The Q&A portion of the panel discussion was interesting, but diverse and doesn't lend itself well to summary, so I'll just hit a few highlights.   One emerging theme was the need to destroy the Academic Silo, and get people in diverse fields talking to each other.  I personally am a product of this desire, and tool to further it, so it's always satisfying to hear this theme come up.  At the end there was also some stress put on the need to do more applied science, which is also always nice to hear for those of us interested in doing work that is immediately applicable to the problems of practitioners.

The toughest question posed was about the limited power of dialog, and how it can fail badly when there is a deep conflict of values.  This is a perennial problem, and was a key question at SXSW Eco when I was there. Larry Susskind intended to address this very issue, but it was pointed out that sometimes while it's frustrating to not talk about what is causing climate change, we can still manage to do work to mitigate it.  The Northwest as a whole seems to be far less divided on this issue than many other places in the country, fortunately.

I'm not going to dig too deep into Larry Susskind's presentation on consensus building, collaborative decision-making and management.  As he said himself after the fact, all of the material is in his books and on the web.  The basic outline is that a convening body (like a legislature) hires a neutral mediator to gather a comprehensive groups of stakeholders (including the convener) to address a certain problem.  These stakeholders inform who will be at the table, the timetable, etc, and ultimately hammer out an agreement that satisfies more or less everyone.  This agreement (which can be quite flexible and loaded with trigger clauses, etc) goes to the convener as a package to be approved and acted on, or not.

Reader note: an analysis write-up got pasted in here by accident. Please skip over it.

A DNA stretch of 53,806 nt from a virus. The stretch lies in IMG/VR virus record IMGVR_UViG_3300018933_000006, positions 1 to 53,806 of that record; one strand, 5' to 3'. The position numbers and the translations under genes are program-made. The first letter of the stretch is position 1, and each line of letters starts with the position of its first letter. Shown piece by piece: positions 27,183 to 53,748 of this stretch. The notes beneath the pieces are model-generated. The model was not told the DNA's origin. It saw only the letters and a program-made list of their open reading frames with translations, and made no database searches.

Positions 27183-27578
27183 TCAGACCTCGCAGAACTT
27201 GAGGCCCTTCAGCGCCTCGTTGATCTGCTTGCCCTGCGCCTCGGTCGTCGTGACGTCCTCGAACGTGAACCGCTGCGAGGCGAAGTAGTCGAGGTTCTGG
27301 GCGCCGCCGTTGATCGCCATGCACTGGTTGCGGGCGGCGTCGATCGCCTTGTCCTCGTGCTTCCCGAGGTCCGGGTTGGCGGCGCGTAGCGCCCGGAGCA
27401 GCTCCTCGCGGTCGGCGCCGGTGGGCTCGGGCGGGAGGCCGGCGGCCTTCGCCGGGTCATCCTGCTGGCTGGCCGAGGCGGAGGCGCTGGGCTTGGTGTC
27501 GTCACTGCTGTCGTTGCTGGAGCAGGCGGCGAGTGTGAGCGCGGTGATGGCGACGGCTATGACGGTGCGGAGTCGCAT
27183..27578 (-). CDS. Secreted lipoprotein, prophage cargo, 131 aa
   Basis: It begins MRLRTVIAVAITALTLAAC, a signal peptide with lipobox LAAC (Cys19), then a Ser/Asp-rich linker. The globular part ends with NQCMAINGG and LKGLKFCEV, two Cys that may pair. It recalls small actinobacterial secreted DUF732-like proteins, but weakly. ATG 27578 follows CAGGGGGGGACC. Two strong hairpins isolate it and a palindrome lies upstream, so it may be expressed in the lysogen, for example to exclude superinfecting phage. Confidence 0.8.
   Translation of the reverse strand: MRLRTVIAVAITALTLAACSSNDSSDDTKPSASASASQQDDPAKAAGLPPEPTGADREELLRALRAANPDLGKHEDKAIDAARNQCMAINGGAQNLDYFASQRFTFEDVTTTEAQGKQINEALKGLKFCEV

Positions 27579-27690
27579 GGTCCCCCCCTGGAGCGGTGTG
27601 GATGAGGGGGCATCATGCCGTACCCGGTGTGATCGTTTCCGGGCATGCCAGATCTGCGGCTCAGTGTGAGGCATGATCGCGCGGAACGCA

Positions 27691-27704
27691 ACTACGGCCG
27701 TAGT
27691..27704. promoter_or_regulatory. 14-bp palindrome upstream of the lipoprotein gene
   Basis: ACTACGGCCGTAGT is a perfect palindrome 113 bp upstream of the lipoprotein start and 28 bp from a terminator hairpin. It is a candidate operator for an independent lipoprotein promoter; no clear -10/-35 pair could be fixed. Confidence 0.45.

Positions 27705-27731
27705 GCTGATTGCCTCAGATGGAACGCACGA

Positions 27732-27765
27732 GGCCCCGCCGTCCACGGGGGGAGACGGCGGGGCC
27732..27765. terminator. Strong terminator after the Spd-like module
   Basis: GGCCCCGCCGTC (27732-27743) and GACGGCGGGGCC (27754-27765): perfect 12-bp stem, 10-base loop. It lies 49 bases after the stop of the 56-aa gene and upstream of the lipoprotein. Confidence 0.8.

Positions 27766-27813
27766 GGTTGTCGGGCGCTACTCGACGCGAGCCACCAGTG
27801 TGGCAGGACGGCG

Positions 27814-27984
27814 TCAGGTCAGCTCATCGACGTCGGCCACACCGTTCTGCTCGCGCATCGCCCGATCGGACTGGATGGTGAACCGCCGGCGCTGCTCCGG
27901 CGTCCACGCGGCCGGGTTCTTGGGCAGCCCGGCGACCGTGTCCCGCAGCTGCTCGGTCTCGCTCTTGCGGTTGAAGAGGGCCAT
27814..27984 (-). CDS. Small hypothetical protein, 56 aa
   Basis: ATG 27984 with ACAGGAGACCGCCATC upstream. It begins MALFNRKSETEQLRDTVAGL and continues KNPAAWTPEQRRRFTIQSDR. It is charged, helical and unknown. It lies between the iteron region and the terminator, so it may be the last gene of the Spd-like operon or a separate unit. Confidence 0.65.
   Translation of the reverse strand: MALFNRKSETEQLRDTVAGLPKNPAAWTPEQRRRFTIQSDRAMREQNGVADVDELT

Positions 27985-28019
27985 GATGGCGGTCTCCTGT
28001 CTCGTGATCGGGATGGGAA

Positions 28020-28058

He's a charismatic speaker, and he presents a very strong case for using the consensus building process to arrive at functional win-win(ish) solutions to tough problems.  I wanted to ask him a question at the end, but we ran out of time, so I will instead put it here.

The main problem with his model strikes me as this:  it requires the convener of the process to be a) powerful (in the sense of being able to act authoritatively, often with force of law), b) genuinely motivated, c) trustworthy, and d) willing to give away much of the power to develop a solution.

These do not strike me as trivial problems.  Susskind himself lambasted various government projects which claimed to be employing collaborative methods for being deceptive and unwilling to cede any power.  This approach also rests on existing relationships of power, and cannot do much to disrupt them.  The hands on the levers never really change, though they may appear to do so.  Stakeholders can invest a tremendous amount of time and effort, reach an agreement, and have their work thrown away if it is not satisfactory to the people with the actual power to act.

Overall, the conference was a good time, and quite interesting, even if I have heard many of the sentiments that emerged several times before.

(Bonus points to anyone who gets the joke in the title of this post!)